Illustration of the Phobos 1 spacecraft
|Launch mass||6,220 kg (13,710 lb)|
|Start of mission|
|Launch date||17:38:04, 7 July 1988 (UTC)|
|Launch site||Baikonur Site 200/40|
Phobos 1 was an uncrewed Soviet space probe of the Phobos Program launched from the Baikonour launch facility on 7 July 1988. Its intended mission was to explore Mars and its moons Phobos and Deimos. The mission failed on 2 September 1988 when a computer malfunction caused the end-of-mission order to be transmitted to the spacecraft. At the time of launch it was the heaviest interplanetary spacecraft ever launched, weighing 6200 kg.
The intent to carry out a mission with Phobos as the target was first made public 14 November 1984. Phobos was chosen as the target after in order to avoid directly competing with previous American missions. Originally a 1986 launch was planned but this latter moved to 1988.
It was to take an estimated 200 days for the Phobos 1 space probe to travel from the Earth to Mars. Two mid-course corrections were planned. The first between days 7 and 20, and the second between day 185 and 193. These corrections would place the probe in a highly elliptical orbit around Mars. Next, it was to move into an almost circular observation orbit at 350 km. After achieving observation orbit the lower stage of the propulsion system would be dropped. The probe would then rendezvous with Phobos; drop a lander containing scientific equipment from an altitude of 50 meters, and move into a final equatorial orbit above Mars where it would study the martian surface and atmosphere.
The Phobos 1 probe's scientific study was separated into three phases. In stage one the probe would investigate the Sun and interplanetary space while traveling from the Earth to Mars. In stage two the probe would study Mars and Phobos while in orbit around Mars. During the final stage it would approach to within 50 meters of the Phobos surface while conducting several experiments.
The Phobos probe carried several scientific experiments. It carried a radar transmitter, X-ray and alpha-backscatter spectrometers, camera, and a laser that could vaporize tiny spots so a reflector could analyze the vapor for atomic masses.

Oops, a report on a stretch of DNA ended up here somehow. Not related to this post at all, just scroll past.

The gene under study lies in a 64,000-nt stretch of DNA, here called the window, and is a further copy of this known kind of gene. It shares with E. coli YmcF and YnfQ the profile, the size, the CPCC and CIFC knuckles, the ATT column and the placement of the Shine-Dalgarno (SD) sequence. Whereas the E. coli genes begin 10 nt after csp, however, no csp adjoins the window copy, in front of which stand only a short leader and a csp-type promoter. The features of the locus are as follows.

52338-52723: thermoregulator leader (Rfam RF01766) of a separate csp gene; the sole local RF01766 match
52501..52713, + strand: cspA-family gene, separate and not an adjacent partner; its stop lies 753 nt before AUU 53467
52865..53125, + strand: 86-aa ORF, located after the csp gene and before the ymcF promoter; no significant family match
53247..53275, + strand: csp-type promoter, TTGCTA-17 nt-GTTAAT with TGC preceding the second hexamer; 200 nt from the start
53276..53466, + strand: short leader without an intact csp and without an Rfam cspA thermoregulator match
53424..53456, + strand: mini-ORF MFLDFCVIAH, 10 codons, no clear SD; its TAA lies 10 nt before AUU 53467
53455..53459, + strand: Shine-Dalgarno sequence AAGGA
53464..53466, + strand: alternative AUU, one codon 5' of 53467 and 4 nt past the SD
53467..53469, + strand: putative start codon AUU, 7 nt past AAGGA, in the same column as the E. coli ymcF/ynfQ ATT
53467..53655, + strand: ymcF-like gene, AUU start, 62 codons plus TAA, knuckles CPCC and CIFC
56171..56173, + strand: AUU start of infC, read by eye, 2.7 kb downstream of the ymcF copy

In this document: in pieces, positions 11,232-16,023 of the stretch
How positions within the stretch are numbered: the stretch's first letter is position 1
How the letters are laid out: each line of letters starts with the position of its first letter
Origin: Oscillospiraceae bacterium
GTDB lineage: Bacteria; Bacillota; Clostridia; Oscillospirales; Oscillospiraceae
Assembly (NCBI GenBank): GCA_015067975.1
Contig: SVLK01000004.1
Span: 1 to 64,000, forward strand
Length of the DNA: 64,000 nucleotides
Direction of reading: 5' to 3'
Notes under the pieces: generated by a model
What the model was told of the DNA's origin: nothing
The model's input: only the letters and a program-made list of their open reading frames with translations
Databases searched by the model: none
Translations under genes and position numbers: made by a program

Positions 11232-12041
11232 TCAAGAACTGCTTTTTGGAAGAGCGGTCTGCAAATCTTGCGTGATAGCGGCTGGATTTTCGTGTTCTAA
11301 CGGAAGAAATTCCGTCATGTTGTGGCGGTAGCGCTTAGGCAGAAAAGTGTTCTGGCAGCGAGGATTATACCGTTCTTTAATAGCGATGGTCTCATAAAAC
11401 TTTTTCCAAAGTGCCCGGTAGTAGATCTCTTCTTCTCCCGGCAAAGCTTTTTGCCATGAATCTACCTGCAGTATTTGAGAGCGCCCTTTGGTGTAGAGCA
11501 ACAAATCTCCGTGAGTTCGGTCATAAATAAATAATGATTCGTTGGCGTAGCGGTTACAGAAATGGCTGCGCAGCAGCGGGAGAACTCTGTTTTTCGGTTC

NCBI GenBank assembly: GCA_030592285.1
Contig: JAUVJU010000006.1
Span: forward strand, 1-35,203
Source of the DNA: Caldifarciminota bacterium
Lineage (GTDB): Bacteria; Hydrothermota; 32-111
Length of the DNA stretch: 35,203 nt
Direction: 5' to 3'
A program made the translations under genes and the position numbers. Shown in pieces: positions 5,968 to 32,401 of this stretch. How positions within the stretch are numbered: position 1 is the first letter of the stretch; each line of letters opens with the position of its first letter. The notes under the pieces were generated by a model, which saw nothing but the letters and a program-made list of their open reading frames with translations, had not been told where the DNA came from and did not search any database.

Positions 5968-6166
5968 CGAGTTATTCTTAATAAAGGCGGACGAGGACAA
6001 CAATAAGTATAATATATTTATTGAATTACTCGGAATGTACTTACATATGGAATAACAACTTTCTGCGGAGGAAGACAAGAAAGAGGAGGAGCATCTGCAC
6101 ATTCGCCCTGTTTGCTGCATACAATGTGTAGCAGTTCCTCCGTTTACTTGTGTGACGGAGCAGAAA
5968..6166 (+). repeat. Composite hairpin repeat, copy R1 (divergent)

The probe also carried a hopper. The hopper would be dropped onto Phobos to drill and analyze the soil. It would be able to bounce across the terrain by using spring loaded legs.
On 2 September 1988, the expected transmission from Phobos 1 was not received. This was traced to a faulty key-command that was sent on 28 August from ground control in Yevpatoria. A technician unintentionally left out a single hyphen in one of the keyed commands. All commands were supposed to be proofread by a computer before being transmitted, but the computer that checked code was malfunctioning. The technician violated procedure and transmitted the command before the computer could be fixed to proofread it. This minor alteration in code deactivated the attitude thrusters. By losing its lock on the Sun, the spacecraft could no longer properly orient its solar arrays, thus depleting its batteries.
Software instructions to turn off the probe's attitude control, normally a fatal operation, were part of a routine used when testing the spacecraft on the ground. Normally this routine would be removed before launch. However, the software was coded in PROMs, and so removing the test code would have required removing and replacing the entire computer. Because of time pressure from the impending launch, engineers decided to leave the command sequence in, though it should never be used. However, a single-character error in constructing an upload sequence resulted in the command executing, with subsequent loss of the spacecraft.
The error is also attributed to a political argument between Yevpatoria and Moscow over who should control the mission. Moscow won control responsibility, but Yevpatoria would be responsible for checking all transmitted commands. This further complicated the process of transmitting valid commands to the spacecraft.
After the incident at Yevpatoria, an investigation was immediately ordered to determine who was responsible for the failure. Nevertheless, disciplinary action was postponed until the completion of the Phobos 2 mission. This was to prevent the demoralization of the Phobos 2 team. Any penalization of the Phobos 1 team would create anxiety among the Phobos 2 team and reduce the chances of mission success. This postponement of punitive measures was urged by IKI director Roald Sagdeev. He quoted the former secret-service chief under Stalin, Lavrenti Beria, who said, "Let's make them work for now. We can shoot them all later." The investigation concluded with the dismissal of the ground control commander at Yevpatoria and the acknowledgement that the computer system was poorly designed.
Phobos 1 failed before it could achieve its main scientific objectives, and while the Phobos program as a whole can be considered a failure, the probes discovered previously unknown information concerning Mars and Phobos during their lengthy orbital flights. In 1988, less was known about Mars and its satellites than the more distant gas giants.